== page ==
In spring 2007, a Gulf diplomat visiting Washington was asked how states such as Kuwait seem to remain insulated from regional crises in Iraq, Iran, and elsewhere. His response was unexpectedly poetic: "Think of a swan gliding across a pond. It all seems so serene -- but right below the surface, the swan is actually pedaling as fast as it can just to stay on course." Does this description fit Kuwait, a country whose status as a key U.S. ally in the region is often taken for granted? What factors pose the greatest risk of knocking the U.S.-Kuwaiti relationship off course?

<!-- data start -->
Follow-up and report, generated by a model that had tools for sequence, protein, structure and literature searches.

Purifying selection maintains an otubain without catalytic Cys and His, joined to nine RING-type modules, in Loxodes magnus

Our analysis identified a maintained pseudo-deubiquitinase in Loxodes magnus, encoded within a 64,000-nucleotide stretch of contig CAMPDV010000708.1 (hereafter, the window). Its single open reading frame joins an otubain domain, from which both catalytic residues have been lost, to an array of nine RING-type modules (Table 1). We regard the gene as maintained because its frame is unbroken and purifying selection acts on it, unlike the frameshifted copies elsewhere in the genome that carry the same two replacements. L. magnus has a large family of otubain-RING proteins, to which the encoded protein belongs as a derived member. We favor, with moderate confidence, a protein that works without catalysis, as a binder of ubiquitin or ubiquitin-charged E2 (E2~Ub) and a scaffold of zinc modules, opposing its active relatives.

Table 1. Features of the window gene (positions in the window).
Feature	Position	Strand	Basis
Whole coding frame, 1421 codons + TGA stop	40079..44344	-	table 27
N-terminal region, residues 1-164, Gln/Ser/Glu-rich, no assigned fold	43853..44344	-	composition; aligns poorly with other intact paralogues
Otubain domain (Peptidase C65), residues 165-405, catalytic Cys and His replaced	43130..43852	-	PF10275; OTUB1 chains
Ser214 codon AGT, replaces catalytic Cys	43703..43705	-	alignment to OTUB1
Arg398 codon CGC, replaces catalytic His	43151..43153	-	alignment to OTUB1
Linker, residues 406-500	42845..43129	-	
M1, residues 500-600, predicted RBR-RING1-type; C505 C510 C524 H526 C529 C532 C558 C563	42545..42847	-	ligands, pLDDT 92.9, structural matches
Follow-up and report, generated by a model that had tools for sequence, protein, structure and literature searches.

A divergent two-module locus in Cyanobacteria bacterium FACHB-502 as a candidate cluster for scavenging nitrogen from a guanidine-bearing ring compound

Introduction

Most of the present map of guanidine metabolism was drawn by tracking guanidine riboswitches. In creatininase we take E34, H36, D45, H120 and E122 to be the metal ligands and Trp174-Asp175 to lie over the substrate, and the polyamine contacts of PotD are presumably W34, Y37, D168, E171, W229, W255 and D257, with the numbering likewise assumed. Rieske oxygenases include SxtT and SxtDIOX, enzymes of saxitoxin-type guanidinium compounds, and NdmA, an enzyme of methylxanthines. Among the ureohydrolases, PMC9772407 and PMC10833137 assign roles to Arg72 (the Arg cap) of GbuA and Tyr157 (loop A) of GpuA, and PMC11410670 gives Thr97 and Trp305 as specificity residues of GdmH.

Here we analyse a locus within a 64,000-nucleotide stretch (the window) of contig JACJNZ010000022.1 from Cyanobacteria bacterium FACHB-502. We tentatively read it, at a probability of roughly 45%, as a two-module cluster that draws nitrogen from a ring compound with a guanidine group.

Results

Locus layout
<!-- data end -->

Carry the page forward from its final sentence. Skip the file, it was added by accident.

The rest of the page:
In this Washington Institute Policy Focus, former State Department senior advisor David Pollock offers a comprehensive answer to these questions. Moving from the inside out, he examines Kuwait's political, social, and economic situation and how each affects the country's stability and orientation toward the United States. From Islamist challenges to problematic reform efforts to the longstanding dilemma of oil wealth, it is these internal factors, he argues -- more so than worrisome external factors unfolding in neighbors like Iraq -- that will affect the country's future place in U.S. policy planning.